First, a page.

Agile Problems: Story Points and the Un-Sizeable Task

unsizeablestories

Agile planning relies on the concept of well-defined user stories, with a clear sizing in story points.  These story points are abstract representatives of how difficult a task will be for a team, and may vary by team.  For software development team A, a story point may be roughly two hours of work.  For development team B, a story point may be thought of as a day’s work.   The consistency of a story point matters only within an agile scrum team.   Sizing is relative and specific to a team.

Sometimes the real world does not mesh nicely into the ideal agile world.   Sometimes work involves technology investigation, researching a lengthy spec to see exactly what the story is in the first place, or simply involves a new area of work for the team.  How should these be handled in the concept of scrum?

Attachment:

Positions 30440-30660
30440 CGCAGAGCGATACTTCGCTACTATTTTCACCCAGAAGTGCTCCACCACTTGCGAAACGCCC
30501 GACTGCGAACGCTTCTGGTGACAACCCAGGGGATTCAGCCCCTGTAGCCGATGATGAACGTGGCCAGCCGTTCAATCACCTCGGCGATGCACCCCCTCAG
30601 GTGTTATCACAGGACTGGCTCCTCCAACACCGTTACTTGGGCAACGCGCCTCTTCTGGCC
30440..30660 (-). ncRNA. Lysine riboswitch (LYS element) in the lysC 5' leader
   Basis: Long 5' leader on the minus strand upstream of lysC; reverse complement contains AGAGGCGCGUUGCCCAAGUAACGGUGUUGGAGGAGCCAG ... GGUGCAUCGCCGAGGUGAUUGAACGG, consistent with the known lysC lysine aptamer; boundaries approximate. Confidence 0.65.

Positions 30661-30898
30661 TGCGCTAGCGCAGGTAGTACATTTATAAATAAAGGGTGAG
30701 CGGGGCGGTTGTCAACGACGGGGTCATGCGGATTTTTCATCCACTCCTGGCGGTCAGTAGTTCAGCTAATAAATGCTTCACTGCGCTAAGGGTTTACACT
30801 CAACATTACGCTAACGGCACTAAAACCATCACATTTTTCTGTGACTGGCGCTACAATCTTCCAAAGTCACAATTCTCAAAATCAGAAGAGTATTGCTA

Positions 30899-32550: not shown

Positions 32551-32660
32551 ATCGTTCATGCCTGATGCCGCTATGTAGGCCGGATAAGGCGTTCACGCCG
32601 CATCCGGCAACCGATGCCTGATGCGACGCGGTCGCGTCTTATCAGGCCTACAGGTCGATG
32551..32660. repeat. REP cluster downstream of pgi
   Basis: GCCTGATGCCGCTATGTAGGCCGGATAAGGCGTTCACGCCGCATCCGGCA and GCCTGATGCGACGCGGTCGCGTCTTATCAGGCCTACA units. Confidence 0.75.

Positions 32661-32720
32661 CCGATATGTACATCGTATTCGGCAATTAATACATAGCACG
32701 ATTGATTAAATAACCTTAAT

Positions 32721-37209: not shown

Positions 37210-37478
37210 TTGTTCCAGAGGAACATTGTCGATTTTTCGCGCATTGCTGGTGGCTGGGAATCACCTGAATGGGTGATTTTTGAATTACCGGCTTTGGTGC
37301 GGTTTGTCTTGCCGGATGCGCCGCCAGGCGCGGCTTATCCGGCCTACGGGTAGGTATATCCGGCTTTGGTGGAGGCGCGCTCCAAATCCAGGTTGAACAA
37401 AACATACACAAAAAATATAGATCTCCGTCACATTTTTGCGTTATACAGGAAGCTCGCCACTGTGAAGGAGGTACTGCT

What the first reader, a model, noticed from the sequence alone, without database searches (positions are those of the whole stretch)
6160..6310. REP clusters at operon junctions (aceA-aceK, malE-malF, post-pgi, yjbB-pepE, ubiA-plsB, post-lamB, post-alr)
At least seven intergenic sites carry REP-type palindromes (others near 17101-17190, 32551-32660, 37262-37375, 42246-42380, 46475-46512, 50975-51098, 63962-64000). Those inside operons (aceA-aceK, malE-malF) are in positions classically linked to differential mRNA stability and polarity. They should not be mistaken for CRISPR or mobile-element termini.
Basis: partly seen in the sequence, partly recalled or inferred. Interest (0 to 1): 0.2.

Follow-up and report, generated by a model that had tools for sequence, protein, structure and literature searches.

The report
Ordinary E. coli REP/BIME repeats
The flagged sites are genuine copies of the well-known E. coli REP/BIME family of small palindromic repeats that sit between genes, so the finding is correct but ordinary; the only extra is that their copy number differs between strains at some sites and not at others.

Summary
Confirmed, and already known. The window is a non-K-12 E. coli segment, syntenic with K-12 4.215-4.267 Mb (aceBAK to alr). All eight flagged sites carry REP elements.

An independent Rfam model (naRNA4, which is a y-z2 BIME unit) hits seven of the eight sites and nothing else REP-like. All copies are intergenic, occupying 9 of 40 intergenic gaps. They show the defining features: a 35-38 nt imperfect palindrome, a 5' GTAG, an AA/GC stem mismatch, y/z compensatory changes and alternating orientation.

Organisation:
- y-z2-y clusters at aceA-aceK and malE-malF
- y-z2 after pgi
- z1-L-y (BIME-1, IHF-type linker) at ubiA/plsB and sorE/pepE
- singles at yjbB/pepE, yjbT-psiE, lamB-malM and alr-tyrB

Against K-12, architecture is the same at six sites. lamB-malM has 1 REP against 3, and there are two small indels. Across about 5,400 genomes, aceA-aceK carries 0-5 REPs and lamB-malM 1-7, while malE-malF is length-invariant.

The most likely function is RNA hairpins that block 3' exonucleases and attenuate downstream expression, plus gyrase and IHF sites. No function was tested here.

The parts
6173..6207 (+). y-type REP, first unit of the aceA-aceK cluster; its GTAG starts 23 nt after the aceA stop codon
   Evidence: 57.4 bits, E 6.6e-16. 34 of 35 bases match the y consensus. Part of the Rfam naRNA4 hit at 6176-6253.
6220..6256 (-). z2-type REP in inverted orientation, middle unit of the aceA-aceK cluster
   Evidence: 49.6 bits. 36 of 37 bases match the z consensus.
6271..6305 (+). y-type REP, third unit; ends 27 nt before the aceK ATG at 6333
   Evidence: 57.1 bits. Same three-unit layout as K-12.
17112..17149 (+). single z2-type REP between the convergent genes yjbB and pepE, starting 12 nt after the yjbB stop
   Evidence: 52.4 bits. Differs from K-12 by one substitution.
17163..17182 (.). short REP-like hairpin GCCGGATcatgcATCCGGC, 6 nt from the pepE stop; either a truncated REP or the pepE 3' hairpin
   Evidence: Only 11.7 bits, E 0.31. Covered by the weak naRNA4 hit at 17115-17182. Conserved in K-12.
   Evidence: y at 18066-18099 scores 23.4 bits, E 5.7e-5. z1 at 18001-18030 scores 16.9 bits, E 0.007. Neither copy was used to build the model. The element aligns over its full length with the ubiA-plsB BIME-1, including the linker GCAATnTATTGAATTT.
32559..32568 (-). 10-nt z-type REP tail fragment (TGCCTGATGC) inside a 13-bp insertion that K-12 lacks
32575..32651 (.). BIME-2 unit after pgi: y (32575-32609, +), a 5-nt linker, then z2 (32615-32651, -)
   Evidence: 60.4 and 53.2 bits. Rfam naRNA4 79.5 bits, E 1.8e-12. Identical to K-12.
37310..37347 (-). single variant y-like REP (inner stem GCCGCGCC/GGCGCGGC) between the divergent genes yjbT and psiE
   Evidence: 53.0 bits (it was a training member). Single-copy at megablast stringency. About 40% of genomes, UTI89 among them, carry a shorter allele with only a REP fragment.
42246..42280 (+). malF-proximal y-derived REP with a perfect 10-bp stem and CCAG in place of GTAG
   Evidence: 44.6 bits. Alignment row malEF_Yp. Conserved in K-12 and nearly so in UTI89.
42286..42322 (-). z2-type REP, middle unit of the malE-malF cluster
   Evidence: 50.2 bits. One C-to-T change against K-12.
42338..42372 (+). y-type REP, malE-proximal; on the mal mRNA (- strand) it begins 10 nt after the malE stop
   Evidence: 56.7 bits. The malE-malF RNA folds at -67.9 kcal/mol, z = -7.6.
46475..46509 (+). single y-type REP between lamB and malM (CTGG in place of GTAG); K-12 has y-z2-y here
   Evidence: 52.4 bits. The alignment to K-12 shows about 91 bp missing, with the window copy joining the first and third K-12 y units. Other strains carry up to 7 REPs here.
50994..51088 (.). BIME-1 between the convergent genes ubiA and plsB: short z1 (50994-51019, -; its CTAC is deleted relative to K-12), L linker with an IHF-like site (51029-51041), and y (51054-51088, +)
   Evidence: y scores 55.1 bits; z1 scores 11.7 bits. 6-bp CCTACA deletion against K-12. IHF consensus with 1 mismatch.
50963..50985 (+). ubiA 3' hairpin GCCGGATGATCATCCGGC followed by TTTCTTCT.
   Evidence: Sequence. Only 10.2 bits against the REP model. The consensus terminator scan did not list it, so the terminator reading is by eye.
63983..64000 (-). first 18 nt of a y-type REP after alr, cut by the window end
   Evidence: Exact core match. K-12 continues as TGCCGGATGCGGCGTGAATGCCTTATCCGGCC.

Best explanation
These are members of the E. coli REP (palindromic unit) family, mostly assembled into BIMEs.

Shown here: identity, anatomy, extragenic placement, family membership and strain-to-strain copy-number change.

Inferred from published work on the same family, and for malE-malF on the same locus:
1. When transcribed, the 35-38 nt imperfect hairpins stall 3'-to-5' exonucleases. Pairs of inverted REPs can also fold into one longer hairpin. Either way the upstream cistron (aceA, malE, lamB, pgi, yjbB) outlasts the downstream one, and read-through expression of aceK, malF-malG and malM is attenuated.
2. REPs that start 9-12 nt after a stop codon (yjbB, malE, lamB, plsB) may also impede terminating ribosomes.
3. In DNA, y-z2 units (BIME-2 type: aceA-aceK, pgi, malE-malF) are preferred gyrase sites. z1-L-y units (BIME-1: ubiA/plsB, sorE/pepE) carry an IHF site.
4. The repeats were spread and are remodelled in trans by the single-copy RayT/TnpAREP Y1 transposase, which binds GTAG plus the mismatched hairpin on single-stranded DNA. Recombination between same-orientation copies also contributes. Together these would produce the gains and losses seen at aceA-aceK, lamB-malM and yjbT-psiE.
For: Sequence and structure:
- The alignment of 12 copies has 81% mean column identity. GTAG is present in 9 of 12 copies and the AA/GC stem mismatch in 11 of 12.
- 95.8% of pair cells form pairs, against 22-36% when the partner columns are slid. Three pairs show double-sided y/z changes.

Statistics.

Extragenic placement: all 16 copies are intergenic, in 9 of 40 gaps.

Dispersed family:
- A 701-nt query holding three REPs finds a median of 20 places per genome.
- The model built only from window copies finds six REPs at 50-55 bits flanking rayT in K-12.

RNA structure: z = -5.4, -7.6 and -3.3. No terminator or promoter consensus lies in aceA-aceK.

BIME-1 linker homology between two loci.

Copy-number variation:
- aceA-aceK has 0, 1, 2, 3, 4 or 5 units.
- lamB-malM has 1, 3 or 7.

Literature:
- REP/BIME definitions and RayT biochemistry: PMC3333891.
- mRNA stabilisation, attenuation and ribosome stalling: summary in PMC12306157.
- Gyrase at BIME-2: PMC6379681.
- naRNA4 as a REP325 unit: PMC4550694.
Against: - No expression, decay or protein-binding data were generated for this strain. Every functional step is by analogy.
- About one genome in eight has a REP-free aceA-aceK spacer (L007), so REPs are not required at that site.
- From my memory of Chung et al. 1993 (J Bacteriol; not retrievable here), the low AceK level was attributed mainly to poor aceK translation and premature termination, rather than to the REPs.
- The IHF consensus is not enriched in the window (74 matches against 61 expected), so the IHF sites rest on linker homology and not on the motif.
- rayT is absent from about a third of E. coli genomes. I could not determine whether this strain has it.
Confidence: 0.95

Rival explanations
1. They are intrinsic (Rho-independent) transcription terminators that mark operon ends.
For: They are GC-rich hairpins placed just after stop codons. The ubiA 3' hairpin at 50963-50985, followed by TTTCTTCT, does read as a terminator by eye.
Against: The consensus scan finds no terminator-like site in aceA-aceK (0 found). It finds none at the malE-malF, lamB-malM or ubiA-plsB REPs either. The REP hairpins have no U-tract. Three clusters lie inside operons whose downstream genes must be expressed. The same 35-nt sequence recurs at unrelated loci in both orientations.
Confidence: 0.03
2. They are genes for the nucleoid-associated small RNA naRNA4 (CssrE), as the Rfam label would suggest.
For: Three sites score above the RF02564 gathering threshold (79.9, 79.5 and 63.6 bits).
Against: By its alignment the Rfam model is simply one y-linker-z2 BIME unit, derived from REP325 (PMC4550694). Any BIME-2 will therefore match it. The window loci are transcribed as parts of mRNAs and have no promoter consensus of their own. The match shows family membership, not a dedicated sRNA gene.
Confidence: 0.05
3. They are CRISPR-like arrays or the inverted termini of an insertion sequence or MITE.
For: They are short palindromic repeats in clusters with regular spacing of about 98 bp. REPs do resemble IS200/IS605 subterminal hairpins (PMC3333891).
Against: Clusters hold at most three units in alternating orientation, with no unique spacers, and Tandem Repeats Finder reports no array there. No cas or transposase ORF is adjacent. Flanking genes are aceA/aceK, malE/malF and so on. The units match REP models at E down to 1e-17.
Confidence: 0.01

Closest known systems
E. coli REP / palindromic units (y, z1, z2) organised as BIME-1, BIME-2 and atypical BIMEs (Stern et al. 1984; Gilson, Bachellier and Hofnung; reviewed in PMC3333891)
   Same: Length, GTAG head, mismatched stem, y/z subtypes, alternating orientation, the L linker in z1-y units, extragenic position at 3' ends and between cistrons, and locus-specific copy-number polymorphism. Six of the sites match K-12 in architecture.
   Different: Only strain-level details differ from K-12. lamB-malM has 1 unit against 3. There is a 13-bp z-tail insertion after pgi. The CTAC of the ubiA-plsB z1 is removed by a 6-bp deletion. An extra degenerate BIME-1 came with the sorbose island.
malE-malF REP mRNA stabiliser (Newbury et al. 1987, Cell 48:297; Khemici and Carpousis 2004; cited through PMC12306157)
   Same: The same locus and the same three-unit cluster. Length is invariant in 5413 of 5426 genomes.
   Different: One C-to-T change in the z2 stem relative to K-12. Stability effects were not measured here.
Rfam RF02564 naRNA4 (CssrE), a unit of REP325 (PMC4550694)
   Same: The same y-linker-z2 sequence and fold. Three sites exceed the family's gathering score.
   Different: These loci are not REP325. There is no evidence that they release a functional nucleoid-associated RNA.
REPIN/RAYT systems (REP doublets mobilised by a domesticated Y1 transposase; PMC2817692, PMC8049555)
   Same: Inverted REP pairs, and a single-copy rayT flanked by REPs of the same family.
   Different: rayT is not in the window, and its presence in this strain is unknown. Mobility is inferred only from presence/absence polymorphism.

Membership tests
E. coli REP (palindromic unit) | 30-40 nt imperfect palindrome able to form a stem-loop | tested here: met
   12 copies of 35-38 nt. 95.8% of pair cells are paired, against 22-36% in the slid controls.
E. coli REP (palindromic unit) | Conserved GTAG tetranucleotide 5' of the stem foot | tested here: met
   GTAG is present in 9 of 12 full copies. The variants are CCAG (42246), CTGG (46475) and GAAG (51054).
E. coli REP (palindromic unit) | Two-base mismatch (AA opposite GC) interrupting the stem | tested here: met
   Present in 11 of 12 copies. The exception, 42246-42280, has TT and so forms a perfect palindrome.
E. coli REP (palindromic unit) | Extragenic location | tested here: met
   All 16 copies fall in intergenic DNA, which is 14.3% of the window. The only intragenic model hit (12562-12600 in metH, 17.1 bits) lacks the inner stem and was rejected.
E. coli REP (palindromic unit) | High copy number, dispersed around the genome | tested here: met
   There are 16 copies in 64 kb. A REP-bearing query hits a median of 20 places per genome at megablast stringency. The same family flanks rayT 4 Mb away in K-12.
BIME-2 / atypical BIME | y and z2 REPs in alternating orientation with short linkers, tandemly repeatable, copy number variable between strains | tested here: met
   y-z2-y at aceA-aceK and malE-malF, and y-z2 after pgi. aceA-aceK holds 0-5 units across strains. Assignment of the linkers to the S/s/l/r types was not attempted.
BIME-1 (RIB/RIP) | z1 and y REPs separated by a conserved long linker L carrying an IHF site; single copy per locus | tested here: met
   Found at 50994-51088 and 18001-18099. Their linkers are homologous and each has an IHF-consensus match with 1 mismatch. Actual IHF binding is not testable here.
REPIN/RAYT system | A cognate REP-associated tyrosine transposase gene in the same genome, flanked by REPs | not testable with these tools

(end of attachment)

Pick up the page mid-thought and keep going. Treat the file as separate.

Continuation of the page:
This type of work can be handled in a variety of ways.  The way I’ve seen work best, is to create a research story.  The research story is time-boxed and scopes the investigation.  The team member that takes the research story then comes back to the team with a summary of work and better understanding of the task.   There are of course times when a team member overachieves, discovers that the work is easier than thought and completes the work within the time-box dedicated for research, but this is usually not considered a problem.  There are also cases where the x days devoted to research are just not enough and another research task must be added.

Have you used timeboxed research stories?  What other techniques do you find useful when tasks are difficult to size?

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